Now that I’ve got my trestles-for-the-slate-frame, they turn out to be quite useful for other things as well!
We have a marquee which we use for our annual trade show, and which we occasionally lend to people. Last weekend our local churches used it for their stand at the village fête, but as we took it down after letting it dry out in our back garden the canvas got torn in two places. We can get mending patches to glue on, but they tend to work better if the tear is pre-mended by sewing it up. Guess who usually gets that job .
Now the canvas part of the marquee is rather large and cumbersome, and not easy to manoeuvre around; I usually try to stretch the affected bit on some chair backs if I can. This time my husband tentatively suggested using the trestles. Tentatively, because as a man with plenty of tools himself (he owns vintage cars, after all) he knows people can get upset when you suggest putting a piece of equipment to non-standard use (think embroidery scissors for cutting a nail, or shiny new spanners for hitting a nail – different types of nail, of course). In this case, however, I felt it was a legitimate extension of the trestles’ proper function; we draped the canvas so that the tear was easily accessible, and yes, this round of mending was definitely a lot quicker than previous ones.
On to another bit of equipment: my trusty Lowery stand. It holds hoops and frames perfectly but the side clamp, like the rest of the Lowery, is made of sturdy metal, and I’m always slightly worried it will damage the hoop. Cue a doubled bit of felt folded around the edge of the hoop before inserting it into the clamp.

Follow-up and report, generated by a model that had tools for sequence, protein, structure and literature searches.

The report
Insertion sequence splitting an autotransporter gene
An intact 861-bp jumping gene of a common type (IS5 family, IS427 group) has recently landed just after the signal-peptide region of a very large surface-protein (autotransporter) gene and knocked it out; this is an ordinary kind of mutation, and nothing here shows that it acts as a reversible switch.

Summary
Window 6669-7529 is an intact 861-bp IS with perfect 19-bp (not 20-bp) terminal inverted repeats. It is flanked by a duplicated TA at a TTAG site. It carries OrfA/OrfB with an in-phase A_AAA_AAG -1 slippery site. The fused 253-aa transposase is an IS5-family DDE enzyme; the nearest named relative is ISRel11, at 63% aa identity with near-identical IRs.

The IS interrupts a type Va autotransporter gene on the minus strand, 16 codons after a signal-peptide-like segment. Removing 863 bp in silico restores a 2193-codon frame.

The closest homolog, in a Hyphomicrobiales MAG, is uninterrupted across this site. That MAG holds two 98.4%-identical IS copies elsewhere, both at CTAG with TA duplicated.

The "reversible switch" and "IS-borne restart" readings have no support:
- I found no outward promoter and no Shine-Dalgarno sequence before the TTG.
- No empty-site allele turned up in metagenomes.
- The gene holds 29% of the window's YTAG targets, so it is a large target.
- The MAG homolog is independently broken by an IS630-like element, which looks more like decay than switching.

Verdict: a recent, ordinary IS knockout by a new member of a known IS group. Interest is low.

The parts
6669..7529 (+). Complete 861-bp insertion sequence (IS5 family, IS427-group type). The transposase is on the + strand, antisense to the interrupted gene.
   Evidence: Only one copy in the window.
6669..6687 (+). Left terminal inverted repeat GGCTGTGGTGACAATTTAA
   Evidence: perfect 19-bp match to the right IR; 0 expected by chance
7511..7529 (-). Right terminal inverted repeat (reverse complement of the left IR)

This works perfectly well, but it can be a bit fiddly to keep the felt in place when feeding the hoop into the jaws (that sounds rather odd, but let me reassure you no hoops were hurt in this procedure), and when not in use the felt has to be kept somewhere; I usually keep it in the clamp, but then I undo the clamp forgetting it’s there and it falls out and gets pounced on by the cat or I step on it. There must be an easier, more permanent way of doing this, surely? Well, there is always sticky felt, or failing that ordinary felt and double-sided sticky tape. And why I didn’t think of that years ago is beyond me. But when the idea did come to me I wanted to try it out immediately, so with the works phone parked nearby on the floor in case of people wanting to place an order, I plonked myself down beside the Lowery with felt, sticky tape, and two types of scissors (see above remark about improper use of tools) and got to work.
And did it work? Yes it did. Not too much later I had two neatly felt-covered clamp jaws, and a quick trial run showed it to clamp a hoop beautifully; as protected as with the loose felt, but possibly even a little firmer and more secure than before because this felt can’t slip. Victory!